According to data released on Tuesday, the Border Patrol’s 173,460 encounters at the border were up 3 percent in April from March, reports the Associated Press. This is the highest number of border encounters since April 2000, but the numbers are not exactly comparable because most individuals apprehended at the border were swiftly expelled from the U.S. due to pandemic-related authorities negating rights to seek asylum. Expulsion does not bear legal consequences, so many people attempt to cross the border more than once. The increase in encounters is primarily due to higher numbers of single adults trying to enter the country—the majority of whom were from Mexico.
A three-day ceasefire between the Taliban and Afghan forces is set to begin on Thursday, marking the Muslim holiday of Eid al-Fitr, writes France24. This temporary truce comes amid intensifying Taliban attacks against Afghan forces since the U.S. missed its prior May 1 deadline for total military withdrawal from Afghanistan. The Taliban and the Afghan government have been engaged in peace discussions since September 2020, but progress toward a power sharing agreement has largely stalled.
Protests in Colombia that started because of frustration with tax reforms due to the pandemic have escalated, evolving into widespread anger over misconduct among the national police force, reports the Times. Officers have opened fire on non-violent protests and detained, beaten and killed demonstrators. The government said at least 42 individuals—including one police officer—have died in the turmoil, though human rights groups say the number is likely higher. Critics of the Colombian police cite this violence as evidence of the need for meaningful police reform, but President Iván Duque rejects these calls for large-scale change and says the problem is limited.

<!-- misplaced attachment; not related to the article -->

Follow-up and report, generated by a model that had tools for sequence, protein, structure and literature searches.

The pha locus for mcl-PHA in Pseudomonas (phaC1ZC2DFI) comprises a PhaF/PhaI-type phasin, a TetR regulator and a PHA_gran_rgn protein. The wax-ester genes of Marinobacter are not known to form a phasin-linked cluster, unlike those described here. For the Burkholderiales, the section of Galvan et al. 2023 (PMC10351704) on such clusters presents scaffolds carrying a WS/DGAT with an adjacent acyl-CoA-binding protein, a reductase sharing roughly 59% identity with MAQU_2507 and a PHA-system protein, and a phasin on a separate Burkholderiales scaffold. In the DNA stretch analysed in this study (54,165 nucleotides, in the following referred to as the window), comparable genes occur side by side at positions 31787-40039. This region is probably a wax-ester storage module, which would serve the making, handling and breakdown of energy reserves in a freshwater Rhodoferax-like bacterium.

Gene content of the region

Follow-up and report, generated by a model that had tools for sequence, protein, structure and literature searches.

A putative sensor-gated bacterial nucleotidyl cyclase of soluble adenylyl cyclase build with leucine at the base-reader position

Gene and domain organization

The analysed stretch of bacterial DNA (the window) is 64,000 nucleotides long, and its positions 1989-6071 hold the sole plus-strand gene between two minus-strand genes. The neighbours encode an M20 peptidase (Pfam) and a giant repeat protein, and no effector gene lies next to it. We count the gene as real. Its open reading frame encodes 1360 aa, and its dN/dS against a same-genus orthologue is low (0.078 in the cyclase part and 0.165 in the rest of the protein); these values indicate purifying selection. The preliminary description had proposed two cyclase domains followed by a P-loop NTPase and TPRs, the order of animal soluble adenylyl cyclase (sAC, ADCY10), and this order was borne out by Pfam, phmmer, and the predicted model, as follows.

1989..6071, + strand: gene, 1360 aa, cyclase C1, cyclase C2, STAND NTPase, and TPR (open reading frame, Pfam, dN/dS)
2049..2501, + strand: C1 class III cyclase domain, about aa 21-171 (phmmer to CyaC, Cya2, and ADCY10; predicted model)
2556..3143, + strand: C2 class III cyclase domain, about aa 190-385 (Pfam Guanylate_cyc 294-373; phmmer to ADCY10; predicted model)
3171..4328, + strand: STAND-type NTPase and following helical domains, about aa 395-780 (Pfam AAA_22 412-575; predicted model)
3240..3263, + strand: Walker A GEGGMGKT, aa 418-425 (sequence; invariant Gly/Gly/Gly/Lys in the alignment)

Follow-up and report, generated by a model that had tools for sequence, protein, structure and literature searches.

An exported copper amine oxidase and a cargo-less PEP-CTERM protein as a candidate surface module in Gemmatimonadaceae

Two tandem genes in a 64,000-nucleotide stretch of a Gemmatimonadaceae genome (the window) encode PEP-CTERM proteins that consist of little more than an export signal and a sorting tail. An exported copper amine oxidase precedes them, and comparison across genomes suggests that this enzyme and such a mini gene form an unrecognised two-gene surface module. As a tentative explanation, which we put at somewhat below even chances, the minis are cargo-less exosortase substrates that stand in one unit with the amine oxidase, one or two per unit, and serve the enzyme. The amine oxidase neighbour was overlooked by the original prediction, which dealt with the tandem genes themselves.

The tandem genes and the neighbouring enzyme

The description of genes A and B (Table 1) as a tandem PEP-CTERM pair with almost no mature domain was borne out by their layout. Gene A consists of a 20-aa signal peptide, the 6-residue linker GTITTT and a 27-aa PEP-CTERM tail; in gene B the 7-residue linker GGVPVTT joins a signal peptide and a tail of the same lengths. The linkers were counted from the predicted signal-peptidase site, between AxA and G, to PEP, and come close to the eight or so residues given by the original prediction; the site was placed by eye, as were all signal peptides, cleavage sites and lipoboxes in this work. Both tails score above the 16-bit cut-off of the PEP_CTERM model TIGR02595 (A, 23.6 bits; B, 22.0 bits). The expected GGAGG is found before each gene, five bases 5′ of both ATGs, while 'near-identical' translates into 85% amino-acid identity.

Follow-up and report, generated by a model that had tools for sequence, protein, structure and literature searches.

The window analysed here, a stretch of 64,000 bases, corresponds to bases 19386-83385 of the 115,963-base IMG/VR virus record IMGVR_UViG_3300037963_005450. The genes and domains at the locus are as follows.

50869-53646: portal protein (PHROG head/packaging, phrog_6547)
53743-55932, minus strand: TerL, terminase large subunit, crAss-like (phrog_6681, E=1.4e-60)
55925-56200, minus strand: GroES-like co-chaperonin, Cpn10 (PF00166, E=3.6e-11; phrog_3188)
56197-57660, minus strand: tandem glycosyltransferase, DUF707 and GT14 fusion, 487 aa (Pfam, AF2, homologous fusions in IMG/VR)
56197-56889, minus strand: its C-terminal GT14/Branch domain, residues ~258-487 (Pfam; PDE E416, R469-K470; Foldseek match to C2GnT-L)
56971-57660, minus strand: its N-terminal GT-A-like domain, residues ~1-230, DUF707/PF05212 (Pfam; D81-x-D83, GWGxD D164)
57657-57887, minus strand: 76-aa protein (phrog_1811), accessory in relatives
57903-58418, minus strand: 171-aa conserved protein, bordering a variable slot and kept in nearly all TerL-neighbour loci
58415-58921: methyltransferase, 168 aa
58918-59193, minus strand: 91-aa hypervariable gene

Several wealthy countries that were most lauded for their successful handling of the coronavirus last year—like Japan, South Korea and New Zealand—have vaccinated less than 10 percent of their populations, according to the Associated Press. Japan is currently experiencing a large coronavirus outbreak, making its one percent full vaccination rate particularly worrisome.
The Centers for Disease Control said Thursday that fully vaccinated individuals do not need to wear masks in most cases, including when they are indoors or in large groups, writes the Washington Post. The change in guidance does not apply to airplanes or health-care settings, and the health officials said immune-compromised people should speak with doctors before stopping to wear masks. Approximately 35 percent of the American population is fully vaccinated.
ICYMI: Yesterday on Lawfare
Jen Patja Howell shared an episode of the Lawfare Podcast about the escalating conflict in Israel and the Palestinian territories. Lawfare’s Scott Anderson spoke about the situation with Natan Sachs, a fellow at the Brooking Institution and director of the Center for Middle East Policy, and Zaha Hassan, a human rights lawyer and visiting fellow at the Carnegie Endowment for international peace. They discussed the roots of the current conflict, the political context surrounding it and the conflict’s implications for the Biden administration’s goals in the region.
Erica Borghard argued that discussion about cyberspace should move beyond the bounds of the military versus intelligence dichotomy.
Rohini Kurup shared a livestream of a Senate Appropriations Committee hearing on domestic violent extremism, featuring testimony from Attorney General Merrick Garland and Secretary of Homeland Security Alejandro Mayorkas.
Powell also shared the latest edition of the Rational Security Podcast featuring discussion about the conflict in Israel and the Palestinian territories, the Colonial Pipeline ransomware attack and the conflict within the Republican Party.